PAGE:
There are 2 main definitions of homestead in English:

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homestead 1

Pronunciation: /ˈhəʊmstɛd/


1A house, especially a farmhouse, and outbuildings.
Example sentences
  • All spent idyllic summers visiting their widowed grandmother, Emma Darwin, at Down House, the old homestead in the Kent countryside.
  • A typical homestead includes a main house with several related structures for various functions.
  • There was an entire homestead, with home, barns and other outbuildings, complete with a windmill, falling to the ground, evidently worth nothing.
1.1Australian /NZ The owner’s residence on a sheep or cattle station.
Example sentences
  • Station homesteads were thus widely scattered and invariably placed alongside the most abundant and reliable water sources.
  • One of these was built at Edeowie, some distance from the station homestead.
  • Mr Holt has bad memories of the drought years of the sixties when hundreds of kangaroos were dropping dead around the homestead and the station bores.
2North American historical An area of land (usually 160 acres) granted to a settler in the West as a home.
Example sentences
  • Under the 1868 treaty Indians were permitted to claim 160-acre homesteads on public lands.
  • Thousands of these historic remnants litter national forests and wilderness areas, relics of homesteads or mining claims that predate the protected entity.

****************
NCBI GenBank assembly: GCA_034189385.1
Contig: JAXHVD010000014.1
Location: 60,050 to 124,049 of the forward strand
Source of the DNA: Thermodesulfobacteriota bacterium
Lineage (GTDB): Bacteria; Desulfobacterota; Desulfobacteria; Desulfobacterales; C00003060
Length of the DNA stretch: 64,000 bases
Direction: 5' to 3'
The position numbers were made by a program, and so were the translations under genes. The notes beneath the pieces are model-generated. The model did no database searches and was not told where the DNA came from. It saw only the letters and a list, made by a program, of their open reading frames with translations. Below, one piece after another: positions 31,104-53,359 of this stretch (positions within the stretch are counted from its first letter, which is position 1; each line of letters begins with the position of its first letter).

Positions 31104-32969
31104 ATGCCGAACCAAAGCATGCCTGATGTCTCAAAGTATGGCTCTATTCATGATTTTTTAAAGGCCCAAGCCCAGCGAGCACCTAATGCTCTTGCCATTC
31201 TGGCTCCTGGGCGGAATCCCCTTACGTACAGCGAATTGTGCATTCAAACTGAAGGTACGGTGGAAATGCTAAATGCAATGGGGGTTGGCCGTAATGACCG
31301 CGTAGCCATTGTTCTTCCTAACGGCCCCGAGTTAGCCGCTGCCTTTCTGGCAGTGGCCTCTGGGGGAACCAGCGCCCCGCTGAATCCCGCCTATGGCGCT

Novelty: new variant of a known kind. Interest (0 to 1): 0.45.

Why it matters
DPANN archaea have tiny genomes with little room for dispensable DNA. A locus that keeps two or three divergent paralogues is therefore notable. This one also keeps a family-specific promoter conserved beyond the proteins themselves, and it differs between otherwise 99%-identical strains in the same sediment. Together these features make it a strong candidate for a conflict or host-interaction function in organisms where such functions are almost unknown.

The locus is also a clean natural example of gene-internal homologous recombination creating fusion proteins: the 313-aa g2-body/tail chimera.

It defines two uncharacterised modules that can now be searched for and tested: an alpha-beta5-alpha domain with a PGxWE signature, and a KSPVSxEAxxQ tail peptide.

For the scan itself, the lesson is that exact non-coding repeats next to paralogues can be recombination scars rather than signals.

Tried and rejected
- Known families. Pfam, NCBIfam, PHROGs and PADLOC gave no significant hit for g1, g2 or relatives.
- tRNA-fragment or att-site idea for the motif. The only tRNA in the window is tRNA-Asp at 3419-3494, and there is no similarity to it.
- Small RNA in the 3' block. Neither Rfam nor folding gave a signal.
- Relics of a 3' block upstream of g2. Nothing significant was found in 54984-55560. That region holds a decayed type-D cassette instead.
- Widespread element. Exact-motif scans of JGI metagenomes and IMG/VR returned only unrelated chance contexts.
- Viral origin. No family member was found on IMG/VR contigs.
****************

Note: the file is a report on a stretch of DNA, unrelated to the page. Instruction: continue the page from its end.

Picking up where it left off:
• In Kansas they built all-black towns, developed homesteads, and acquired land.



Pronunciation: /ˈhəʊmstɛdə/
Example sentences
  • Sheep and cattle, introduced by homesteaders, munched the grasses that fueled periodic fires.
  • Confining our conversation to firearms, the most common working gun of the farmer or homesteader in the late 19th century was the double-barreled shotgun.
  • The new young homesteaders had a real interest in revitalizing agriculture.


Old English hāmstede 'a settlement' (see home, stead).

  • stead from Old English:

    Old English stede meant ‘place’. From a Germanic source, it is related to Dutch stad ‘town’, German Statt ‘place’, from an Indo-European root shared by the verb stand. Instead (Middle English) is simply ‘in stead, in place of’ run together. The adjective steadfast [Old English] is literally ‘standing firm’; a homestead (Old English) is your ‘home place’; while if you are steady (Middle English) you are not easily moved from your place. See also place

For editors and proofreaders

Line breaks: home|stead

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There are 2 main definitions of homestead in English:

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Homestead 2

Pronunciation: /ˈhōmsted/

Entry from US English dictionary

An agricultural and suburban city in southeastern Florida, southwest of Miami; population 57,936 (est. 2008).

For editors and proofreaders

Syllabification: Home·stead

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